Effect of the organization of mesoporous silica gels for the encapsulation of biomolecules
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Tutor / director / evaluatorLambert, Stephanie; Grandfils, Chrsitian; Tilkin, Remi; Heras Cisa, F. Xavier de las
CovenanteeUniversité de Liège
Document typeBachelor thesis
Rights accessRestricted access - author's decision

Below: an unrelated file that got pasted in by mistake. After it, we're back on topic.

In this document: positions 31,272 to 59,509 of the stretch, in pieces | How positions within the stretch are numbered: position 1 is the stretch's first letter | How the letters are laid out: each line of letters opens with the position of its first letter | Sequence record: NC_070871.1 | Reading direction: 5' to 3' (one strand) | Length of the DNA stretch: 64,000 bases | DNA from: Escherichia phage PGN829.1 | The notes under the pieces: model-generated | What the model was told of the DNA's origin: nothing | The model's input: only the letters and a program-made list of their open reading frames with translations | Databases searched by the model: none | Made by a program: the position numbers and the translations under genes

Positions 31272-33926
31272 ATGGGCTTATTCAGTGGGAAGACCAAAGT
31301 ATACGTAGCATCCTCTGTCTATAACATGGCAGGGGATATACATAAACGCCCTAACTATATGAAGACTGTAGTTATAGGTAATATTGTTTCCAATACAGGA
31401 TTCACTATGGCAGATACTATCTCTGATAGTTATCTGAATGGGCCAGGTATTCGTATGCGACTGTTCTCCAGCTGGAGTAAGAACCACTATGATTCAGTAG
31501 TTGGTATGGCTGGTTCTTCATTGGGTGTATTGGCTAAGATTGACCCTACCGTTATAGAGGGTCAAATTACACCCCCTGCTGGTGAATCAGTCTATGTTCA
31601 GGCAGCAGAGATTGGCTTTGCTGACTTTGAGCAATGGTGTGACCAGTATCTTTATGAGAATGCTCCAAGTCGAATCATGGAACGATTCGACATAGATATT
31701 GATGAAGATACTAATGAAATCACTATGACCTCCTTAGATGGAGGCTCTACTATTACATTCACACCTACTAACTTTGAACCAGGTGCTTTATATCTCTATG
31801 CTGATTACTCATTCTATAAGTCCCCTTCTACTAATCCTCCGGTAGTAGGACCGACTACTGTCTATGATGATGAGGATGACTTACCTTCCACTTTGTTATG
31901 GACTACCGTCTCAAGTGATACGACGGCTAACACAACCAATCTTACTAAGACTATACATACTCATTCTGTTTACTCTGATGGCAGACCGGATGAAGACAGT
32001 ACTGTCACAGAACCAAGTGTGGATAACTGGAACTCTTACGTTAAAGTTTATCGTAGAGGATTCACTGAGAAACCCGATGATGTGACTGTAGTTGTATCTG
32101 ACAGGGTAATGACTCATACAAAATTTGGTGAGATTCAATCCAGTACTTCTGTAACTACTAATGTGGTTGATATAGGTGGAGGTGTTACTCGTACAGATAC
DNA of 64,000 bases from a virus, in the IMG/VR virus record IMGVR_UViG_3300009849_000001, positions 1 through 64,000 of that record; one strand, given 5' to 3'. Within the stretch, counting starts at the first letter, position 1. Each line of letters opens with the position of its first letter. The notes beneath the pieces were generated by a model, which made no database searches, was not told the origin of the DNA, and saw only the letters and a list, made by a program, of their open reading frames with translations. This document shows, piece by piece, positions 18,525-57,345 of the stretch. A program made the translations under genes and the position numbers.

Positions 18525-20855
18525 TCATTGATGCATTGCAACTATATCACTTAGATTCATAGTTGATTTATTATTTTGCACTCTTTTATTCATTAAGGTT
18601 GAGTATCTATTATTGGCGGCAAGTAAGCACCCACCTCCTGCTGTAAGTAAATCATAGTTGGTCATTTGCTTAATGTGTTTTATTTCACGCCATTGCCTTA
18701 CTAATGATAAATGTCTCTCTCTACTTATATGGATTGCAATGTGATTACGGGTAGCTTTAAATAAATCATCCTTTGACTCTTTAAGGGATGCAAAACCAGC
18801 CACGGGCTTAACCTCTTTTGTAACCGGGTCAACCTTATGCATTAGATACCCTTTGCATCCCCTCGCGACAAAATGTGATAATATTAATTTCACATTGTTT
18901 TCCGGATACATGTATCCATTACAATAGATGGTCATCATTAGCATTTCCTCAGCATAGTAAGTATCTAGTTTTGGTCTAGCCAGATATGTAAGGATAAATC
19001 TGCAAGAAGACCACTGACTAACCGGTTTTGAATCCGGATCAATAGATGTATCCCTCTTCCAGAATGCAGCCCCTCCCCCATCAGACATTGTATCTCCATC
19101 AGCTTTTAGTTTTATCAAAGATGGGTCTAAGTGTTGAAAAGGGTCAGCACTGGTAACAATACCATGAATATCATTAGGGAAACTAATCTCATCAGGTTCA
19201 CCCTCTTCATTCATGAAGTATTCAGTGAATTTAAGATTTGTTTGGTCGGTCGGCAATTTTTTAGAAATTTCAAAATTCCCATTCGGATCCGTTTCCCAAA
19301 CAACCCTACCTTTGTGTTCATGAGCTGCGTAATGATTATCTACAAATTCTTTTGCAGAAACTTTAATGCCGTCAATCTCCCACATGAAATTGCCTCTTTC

The main goal of this project is the study of the effect of the pore organization in silica gels synthesized via the sol-gel process on the encapsulation and release of biomolecules. Three different objectives were aimed by realizing three different series of silica nanoparticles syntheses: • To test the reproducibility of an installation consisting of four hydrothermal reactors • To see the effects of using different silica precursors on the pore organization • To analyze the influence of the amount and the addition time of the micelle expander Three out of the four hydrothermal reactors presented an adequate reproducibility for further syntheses. The three silica samples synthesized from different precursors present three different disorganized pore morphologies. The addition time of the micelle expander was proven to have an influence on the pore organization. The silica nanoparticles were characterized via FTIR analysis, nitrogen adsorption-desorption, thermogravimetric analysis (TGA), and transmission electron microscope (TEM). Ibuprofen was chosen as a model biomolecule for the encapsulation in silica gels and the release. It was encapsulated in the three different samples of silica to analyze the effects of surface chemistry in the release kinetics. In comparison with the literature, a small amount of ibuprofen was encapsulated in the silica. Ibuprofen presents a release burst during the first hour and is partially released. For the creation of silica films, two different strategies were used: • Silica films via dip coating • Dispersion of silica particles in different polymers Thin films were obtained using the first technique, whilst thicker gels were obtained in the second one. The films thickness was estimated via weight difference for the films synthesized via dip-coating, and via an electronic micrometer for the silica-polymer films. Our promising results help to open new perspectives in the biomaterials domain and, more specifically, in the biofunctionalization of matrices for bone tissue reconstruction.
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